The present watercolour highlights Towne’s keen sense of design and exemplary draughtsmanship. The elegance of the composition and the refined colours render this drawing amongst Towne’s best work and demonstrates the artist’s sensitive response to the Italian landscape.

    Towne appears to have two separate styles when working in watercolour. A heavy outline is characteristic of all but his commissioned works, which suggests that he believed that his ‘public’ watercolours should emulate paintings in oil as closely as possible, whereas his ‘private’ watercolours were deeply personal statements and as such enabled him to foster a unique style of watercolour painting, almost completely independent of contemporary developments. Despite being friends with a number of the leading artists, he seems to have remained largely uninfluenced by contemporary developments in watercolour drawing.

    A Ruin on the Road going to the Ponte Lamentana, is a 1786 version, commissioned by an Exeter client, of a drawing Towne made on 12 December 1780, not long after arriving in Rome. Towne’s inscription from the original study of December 1780, reads 'Sepulchre by the Road side going from / Rome to Ponta Lamentana'. The ruin stands in open countryside two miles north of Rome near the Ponte Nomentana (otherwise known as Ponte Lamentana, or Pons Lamentanus). The ruin, known since medieval times as the Sedia del Diavolo, (chair of the devil) features in several paintings by Richard Wilson, including Strada Nomentana, painted circa 1765-70 (Tate Gallery). John Robert Cozens, who lodged in the area in the late 1770s, also drew the Sedia del Diavolo, in watercolour that is very similar to Towne’s.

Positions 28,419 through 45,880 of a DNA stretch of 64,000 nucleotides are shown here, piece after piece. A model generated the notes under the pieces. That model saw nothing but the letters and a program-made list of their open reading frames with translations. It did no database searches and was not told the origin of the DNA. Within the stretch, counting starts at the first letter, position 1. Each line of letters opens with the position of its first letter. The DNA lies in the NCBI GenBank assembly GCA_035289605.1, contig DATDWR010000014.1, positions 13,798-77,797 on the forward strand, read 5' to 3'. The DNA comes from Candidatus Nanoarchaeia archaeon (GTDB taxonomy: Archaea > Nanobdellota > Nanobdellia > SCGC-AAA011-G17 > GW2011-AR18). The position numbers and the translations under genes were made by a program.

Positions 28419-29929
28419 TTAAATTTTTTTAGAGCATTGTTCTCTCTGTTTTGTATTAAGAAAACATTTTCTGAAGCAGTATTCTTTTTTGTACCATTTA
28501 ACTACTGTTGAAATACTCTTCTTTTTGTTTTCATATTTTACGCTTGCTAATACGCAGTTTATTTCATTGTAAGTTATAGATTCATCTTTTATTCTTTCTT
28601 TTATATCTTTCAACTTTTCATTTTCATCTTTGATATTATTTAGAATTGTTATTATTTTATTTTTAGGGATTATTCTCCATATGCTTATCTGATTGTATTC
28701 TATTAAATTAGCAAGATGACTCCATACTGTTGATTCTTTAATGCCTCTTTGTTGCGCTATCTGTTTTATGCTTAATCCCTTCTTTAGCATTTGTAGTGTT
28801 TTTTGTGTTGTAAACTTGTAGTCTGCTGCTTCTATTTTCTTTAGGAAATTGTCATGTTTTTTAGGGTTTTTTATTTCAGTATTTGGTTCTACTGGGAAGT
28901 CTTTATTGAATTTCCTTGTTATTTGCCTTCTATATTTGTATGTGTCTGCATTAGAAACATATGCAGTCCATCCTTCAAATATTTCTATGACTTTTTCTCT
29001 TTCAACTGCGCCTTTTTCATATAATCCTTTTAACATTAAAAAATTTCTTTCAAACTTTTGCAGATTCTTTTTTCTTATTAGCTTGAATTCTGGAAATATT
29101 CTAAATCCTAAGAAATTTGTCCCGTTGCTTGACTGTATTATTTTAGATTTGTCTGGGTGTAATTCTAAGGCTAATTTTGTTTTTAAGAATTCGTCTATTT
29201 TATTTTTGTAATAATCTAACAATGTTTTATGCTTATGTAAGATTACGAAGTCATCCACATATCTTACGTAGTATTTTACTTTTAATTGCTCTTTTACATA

Views of ancient Roman ruins such as A Ruin on the Road were understood by their 18th century audiences as providing a moral commentary on the inevitable decline of the contemporary British Empire if - like its ancient predecessor - liberty and civic virtue within the ruling class gave way to greed and faction. In A Ruin on the Road Towne underlines the contrast between the former splendour of the ancient structure and its present decayed state by introducing a humble shepherd and his flock, who graze around the ruin. The ruin's moral warning about the transience of man's achievements was never more compelling than during the crises of the 1770s and 1780s. Towne's Exeter circle of politically reformist friends and clientele were receptive to this message, and none more so than the city's prosperous non-conformists, whose strict religious observance and exclusion from public office inclined them to an oppositional moralising outlook towards elite metropolitan society. Towne exploited his time in Italy to make a good income from commissions in the 1780s; based on the fragmentary evidence that survives, between 1782 and 1786 Towne earned at least 90 guineas a year from commissions. Among his larger commissions were two sets of copies of Roman views, ordered by members of two of Exeter's non-conformist merchant families.

    Although there is some uncertainty, A Ruin on the Road was probably one of at least six Roman views ordered by Ann Fortescue (1755-1815), the daughter of the Quaker Thomas Sanders (d.1763) who married John Inglett Fortescue (1758-1840) of Buckland Filleigh in 1784/5. As Ann Sanders, she had studied drawing under Towne and produced a View of Pynes after Towne, dated 1778, which is in the Oppé collection at the Tate. Her brother, Michael Dicker Sanders, commissioned a view of Walton Bridge from Towne in 1782, and probably also the later oil painting now at the Yale Center for British Art, New Haven. Towne produced another group of Roman views around the same time for Thomas Snow (1748-1832) of Cleve, near Exeter, who was the friend and neighbour of John Merivale (1752-1821) of Barton Place, both prominent non-conformists.